Welcome to the Vorticists blog. Over the coming weeks I will be sharing with you some fantastic stories about the works in our exhibition. Firstly, what was Vorticism - and who were the Vorticists?

Wyndham Lewis, 'Workshop' circa 1914-5
Wyndham Lewis
Workshop circa 1914-5
© Wyndham Lewis and the estate of Mrs G A Wyndham Lewis by kind permission of the Wyndham Lewis Memorial Trust (a registered charity)

Hello, I’m Chris Stephens, curator of Modern British Art at Tate Britain. I am also the co-curator of The Vorticists: Manifesto for a Modern World at Tate Britain, which was conceived by Mark Antliff (Professor of Art, Art History & Visual Studies at Duke University), and Vivien Greene (Curator at the Solomon R. Guggenheim Museum, New York).

William Roberts, 'The Vorticists at the Restaurant de la Tour Eiffel: Spring, 1915' 1961-2
William Roberts
The Vorticists at the Restaurant de la Tour Eiffel: Spring, 1915 1961-2
Oil on canvas
support: 1829 x 2134 mm

Presented by the Trustees of the Chantrey Bequest 1962© The estate of William Roberts

Vorticism was one of the truly avant-garde movements in British history. It emerged in the summer of 1914 just before the outbreak of the First World War. The leader of the group was the painter Wyndham Lewis and it was named by American poet Ezra Pound (who had previously described London as a vortex of creativity) and included sculptor Henri Gaudier-Brzeska. As well as a number of signed-up members, the wider circle around the group included the sculptor Jacob Epstein and painters William Roberts, David Bomberg and Edward Wadsworth.

Our exhibition brings together over 100 Vorticist works including paintings, sculptures, photography, journals and literary ephemera, including Gaudier-Brzeska’s monumental Hieratic Head of Ezra Pound 1914,  Bomberg’s The Mud Bath 1914 as well as Epstein’s extraordinary work Rock Drill (1913-15).

We will also be showing what some believe to be the first abstract photographs - by Vorticist photographer Alvin Langdon Coburn.

And one of the undoubted highlights will be the works of the little known women Vorticists - Jessica Dismorr, Dorothy Shakespear and Helen Saunders, some of whose artworks have only been recently unearthed by Mark Antliff.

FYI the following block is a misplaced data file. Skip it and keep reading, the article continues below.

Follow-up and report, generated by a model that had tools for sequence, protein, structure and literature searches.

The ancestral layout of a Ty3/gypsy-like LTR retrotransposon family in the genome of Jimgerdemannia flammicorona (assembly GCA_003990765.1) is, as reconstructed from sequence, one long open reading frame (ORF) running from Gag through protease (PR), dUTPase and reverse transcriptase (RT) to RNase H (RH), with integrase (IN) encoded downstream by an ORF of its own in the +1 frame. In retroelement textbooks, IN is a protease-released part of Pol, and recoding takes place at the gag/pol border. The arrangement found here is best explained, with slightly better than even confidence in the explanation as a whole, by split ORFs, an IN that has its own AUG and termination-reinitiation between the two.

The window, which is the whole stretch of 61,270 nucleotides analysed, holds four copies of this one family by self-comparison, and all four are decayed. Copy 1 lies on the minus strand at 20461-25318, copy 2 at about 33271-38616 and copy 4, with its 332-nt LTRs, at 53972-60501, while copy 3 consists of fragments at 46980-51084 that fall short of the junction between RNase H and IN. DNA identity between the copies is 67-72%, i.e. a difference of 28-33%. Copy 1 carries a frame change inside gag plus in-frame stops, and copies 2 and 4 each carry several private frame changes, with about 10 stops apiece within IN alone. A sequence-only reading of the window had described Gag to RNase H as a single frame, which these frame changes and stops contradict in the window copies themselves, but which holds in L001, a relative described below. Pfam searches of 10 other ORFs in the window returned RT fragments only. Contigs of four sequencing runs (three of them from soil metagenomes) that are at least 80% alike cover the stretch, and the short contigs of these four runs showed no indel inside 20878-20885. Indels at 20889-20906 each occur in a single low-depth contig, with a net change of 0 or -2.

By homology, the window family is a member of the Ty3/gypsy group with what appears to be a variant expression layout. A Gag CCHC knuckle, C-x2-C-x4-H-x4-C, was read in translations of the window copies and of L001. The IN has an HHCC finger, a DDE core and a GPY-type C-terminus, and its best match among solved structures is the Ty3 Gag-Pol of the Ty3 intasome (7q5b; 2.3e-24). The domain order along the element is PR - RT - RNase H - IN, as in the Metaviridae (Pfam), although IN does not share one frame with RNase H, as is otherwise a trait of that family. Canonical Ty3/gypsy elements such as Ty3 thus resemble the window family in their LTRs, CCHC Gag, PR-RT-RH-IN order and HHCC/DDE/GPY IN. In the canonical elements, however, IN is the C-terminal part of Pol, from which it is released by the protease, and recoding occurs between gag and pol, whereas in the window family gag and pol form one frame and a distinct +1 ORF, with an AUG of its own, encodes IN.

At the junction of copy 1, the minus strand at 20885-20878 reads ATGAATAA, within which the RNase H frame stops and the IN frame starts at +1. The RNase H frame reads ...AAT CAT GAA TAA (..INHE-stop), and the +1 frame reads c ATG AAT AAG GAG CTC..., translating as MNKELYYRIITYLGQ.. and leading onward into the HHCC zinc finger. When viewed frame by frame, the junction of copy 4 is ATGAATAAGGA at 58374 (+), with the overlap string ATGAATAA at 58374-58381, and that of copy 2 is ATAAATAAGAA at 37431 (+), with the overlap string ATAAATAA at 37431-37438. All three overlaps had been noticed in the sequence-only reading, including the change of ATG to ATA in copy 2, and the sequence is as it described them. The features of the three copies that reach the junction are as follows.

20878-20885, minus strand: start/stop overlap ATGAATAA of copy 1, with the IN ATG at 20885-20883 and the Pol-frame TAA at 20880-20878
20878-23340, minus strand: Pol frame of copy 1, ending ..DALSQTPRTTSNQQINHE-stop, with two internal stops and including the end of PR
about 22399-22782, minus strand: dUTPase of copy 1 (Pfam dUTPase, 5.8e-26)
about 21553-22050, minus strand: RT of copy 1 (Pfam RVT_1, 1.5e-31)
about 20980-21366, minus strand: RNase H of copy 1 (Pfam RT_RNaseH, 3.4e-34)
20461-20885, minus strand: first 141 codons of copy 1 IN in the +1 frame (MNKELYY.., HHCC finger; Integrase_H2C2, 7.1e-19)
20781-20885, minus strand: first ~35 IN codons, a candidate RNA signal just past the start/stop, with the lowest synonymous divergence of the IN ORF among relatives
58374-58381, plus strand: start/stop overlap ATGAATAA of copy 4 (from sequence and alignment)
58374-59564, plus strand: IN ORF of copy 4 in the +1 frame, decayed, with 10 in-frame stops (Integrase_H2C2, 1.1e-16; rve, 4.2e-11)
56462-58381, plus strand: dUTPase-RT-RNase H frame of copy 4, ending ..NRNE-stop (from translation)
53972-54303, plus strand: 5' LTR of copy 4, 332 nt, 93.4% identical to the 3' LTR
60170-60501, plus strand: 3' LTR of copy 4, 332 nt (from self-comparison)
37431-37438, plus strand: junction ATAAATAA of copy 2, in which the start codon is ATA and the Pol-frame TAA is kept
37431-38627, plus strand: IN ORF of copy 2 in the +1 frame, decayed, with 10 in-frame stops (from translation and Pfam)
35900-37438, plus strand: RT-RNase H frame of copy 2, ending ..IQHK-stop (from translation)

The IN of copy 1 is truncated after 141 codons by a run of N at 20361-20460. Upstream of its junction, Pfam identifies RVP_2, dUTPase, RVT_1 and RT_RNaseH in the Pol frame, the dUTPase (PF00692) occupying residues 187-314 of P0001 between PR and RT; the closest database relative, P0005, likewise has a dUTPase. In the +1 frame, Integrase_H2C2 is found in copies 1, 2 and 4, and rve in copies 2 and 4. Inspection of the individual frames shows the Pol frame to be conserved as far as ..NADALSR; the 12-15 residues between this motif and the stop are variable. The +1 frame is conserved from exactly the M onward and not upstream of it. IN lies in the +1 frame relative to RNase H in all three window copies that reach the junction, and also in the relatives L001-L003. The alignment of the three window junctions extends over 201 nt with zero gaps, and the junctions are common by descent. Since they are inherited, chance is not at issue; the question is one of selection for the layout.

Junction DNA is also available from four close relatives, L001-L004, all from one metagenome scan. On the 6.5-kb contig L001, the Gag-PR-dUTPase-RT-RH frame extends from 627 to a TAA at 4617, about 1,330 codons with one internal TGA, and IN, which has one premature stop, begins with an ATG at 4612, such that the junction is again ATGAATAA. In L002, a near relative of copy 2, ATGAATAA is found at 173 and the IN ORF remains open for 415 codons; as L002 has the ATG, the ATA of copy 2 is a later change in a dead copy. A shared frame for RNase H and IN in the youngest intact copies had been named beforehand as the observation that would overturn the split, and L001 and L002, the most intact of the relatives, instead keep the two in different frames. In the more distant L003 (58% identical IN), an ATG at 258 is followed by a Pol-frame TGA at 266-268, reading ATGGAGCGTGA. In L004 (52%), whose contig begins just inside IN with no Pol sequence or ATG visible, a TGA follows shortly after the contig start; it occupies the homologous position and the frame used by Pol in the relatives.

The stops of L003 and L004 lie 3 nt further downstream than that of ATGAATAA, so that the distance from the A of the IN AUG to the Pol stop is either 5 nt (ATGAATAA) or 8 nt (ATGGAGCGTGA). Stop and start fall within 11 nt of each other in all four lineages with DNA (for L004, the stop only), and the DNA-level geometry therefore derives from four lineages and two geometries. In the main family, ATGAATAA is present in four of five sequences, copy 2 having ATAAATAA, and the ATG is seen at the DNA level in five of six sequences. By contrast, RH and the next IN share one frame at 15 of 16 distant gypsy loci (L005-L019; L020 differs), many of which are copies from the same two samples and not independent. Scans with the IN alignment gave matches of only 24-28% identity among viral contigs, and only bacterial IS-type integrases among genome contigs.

Sybille Greisinger

Dear Chris,

I would love to have an invitation to the opening of the Vorticists exhibition as well. I'm writing my PhD in art history here in Germany about a philosophical topic concerning the Vorticists group. So I'm really looking forward to seeing the exhibition! Could I leave my address at some other place?

Kind regards Sybille

Elizabeth Dismorr

So glad that Jessica Dismorr is finally gaining some recognition, as well as the other female artists in the group. It always annoys me when I see the portrait of the Vorticist group at the Tour Eiffel and Jessica Dismorr and Helen Saunders are just shoved in the door way - Jessica with a purse in her hand, as if all she can contribute is money!

As a descendant of Dismorr (and an artist myself!) I am really looking forward to seeing the show as are the rest of my family.

Elizabeth Dismorr


"Jessica with a purse in her hand, as if all she can contribute is money!"

Fine words and sentiment.

Unfortunately the one person who did literally put her hand in her purse and contribute money, the artist Kate Lechmere - who financed the whole Rebel Art Centre and publication of 'Blast I' - is not only absent from Roberts' Tour Eiffel painting, but apparently lacking from Tate's forthcoming exhibition too.

I guess that is the historical penalty you pay for spurning the amours of Wyndham Lewis for his rival, T. E. Hulme.

Alas, a lass.

Andrew Gibbon-W...


Dear Chris,

I would appreciate an invite to the opening of the London showing of Vorticism etc. Also to the symp. if that's at all possible. Could you let me know? My address is: VIA CARABELLI 6, 20137 MILANO, ITALY.

Has the Tate augmented the Venice show with its own holdings?

Kind regards,

Andrew GW

Chris Stephens

Andrew did you receive an invitation/s?